Family lawyers and company lawyers alike will be anxious to see what the Supreme Court makes of Petrodel and others v Prest and others  EWCA Civ 1395. The former may see the decision of the Court of Appeal as a gross and unwanted interference with well-established principle and authority. The latter may see it as an obvious correction of an obvious and thoroughly unwarranted legal aberration.
The case was one of the “big money” divorce proceedings that the press have often picked up on in recent years. At first instance, the judge ordered the husband to transfer £17.5m from company assets to the wife on the basis that he was unlikely to transfer assets from his personal resources (see  EWHC 2956 (Fam)). To reach that decision he had to “pierce the corporate veil” and find that the assets of the company were effectively those of the husband. In determining whether it was appropriate to do so he followed a long line of family law cases centred on the concept of fairness and a consequent desire not to allow a spouse to hide assets in a corporate structure.
On appeal Thorpe LJ, a highly experienced family lawyer, upheld the judge’s decision. But he was outnumbered by the other two judges – Rimer and Patten LJJ – both of whom are veterans of the Chancery Division. In the starkest of contrasts they carefully trawled through the long list of authority relied upon by the judge below and endorsed by Thorpe LJ – and demolished the cases one by one.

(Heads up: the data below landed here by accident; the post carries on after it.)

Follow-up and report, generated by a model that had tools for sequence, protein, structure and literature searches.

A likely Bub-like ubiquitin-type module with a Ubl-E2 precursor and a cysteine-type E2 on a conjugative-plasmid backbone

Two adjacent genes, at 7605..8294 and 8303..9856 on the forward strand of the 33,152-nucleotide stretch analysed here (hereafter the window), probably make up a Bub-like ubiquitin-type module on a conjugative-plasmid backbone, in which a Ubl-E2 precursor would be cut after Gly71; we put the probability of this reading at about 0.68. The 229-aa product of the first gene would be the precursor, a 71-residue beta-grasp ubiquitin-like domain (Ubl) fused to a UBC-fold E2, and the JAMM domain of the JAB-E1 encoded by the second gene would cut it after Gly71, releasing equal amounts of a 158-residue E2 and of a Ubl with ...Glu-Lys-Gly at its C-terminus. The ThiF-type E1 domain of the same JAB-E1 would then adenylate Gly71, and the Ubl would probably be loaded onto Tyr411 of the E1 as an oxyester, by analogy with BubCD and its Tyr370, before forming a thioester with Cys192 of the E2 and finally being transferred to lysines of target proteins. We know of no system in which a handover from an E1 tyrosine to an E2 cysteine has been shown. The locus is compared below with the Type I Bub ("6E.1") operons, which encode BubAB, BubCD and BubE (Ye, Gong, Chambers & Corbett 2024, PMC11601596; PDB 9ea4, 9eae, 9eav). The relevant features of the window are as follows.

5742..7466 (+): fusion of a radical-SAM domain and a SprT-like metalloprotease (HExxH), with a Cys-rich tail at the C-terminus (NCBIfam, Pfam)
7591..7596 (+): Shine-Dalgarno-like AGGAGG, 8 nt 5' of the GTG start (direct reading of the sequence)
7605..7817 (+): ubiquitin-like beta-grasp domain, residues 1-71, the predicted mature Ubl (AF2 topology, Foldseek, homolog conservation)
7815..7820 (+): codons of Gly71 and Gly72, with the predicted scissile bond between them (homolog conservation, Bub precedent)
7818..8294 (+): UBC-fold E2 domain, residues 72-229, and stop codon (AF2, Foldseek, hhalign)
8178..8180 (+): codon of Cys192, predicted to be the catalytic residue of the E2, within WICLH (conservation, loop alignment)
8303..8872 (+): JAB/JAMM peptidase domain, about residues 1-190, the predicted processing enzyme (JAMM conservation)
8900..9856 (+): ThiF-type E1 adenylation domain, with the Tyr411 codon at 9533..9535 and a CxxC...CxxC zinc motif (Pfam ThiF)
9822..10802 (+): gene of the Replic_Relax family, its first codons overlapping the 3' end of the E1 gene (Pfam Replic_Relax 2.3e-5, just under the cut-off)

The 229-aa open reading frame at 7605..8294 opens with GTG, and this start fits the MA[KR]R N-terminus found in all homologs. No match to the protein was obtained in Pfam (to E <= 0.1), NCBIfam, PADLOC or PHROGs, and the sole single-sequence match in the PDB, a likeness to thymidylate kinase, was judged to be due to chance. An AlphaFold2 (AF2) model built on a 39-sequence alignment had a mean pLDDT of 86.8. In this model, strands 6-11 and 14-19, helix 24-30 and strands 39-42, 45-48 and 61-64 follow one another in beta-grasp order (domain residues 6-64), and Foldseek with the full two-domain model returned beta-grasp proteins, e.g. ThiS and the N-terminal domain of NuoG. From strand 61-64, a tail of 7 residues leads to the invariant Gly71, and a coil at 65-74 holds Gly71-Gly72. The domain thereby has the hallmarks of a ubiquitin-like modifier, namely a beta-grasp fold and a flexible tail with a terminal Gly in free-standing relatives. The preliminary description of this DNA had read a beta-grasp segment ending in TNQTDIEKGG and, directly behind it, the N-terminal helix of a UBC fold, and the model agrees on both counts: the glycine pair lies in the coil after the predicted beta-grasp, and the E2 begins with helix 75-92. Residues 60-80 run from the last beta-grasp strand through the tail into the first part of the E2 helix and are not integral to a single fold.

Rimer LJ gave the main judgment. He said the family authorities were “internally inconsistent, contrary to principle and wrong”, and that the normal rules about company assets applied. The company could not use its assets to satisfy the personal debts of the shareholders any more than the shareholders’ personal assets could be sought by the company’s creditors – as , of course, all company lawyers have known since the seminal Salomon v A Salomon and Company Ltd  AC 22.
Patten LJ said the same thing in a few short paragraphs given in emphatic agreement with and endorsement of Rimer LJ’s judgment:
What needs to be emphasised is that the provisions of s.24(1)(a) of the Matrimonial Causes Act 1973 do not give the court power to disapply the established principles of legal and beneficial ownership or of company law. On the contrary, those principles were plainly intended to define the limits of the court's jurisdiction under the statute and Moylan J was wrong to give the words "entitled, either in possession or reversion" any wider meaning. Married couples who choose to vest assets beneficially in a company for what the judge described as conventional reasons including wealth protection and the avoidance of tax cannot ignore the legal consequences of their actions in less happy times.
I wish particularly to support Rimer LJ's criticism of the dicta in Nicholas and his view that these cannot be relied upon as a correct statement of the law following the decision of this court in Adams v. Cape Industries plc. They have led judges of the Family Division to adopt and develop an approach to company owned assets in ancillary relief applications which amounts almost to a separate system of legal rules unaffected by the relevant principles of English property and company law. That must now cease.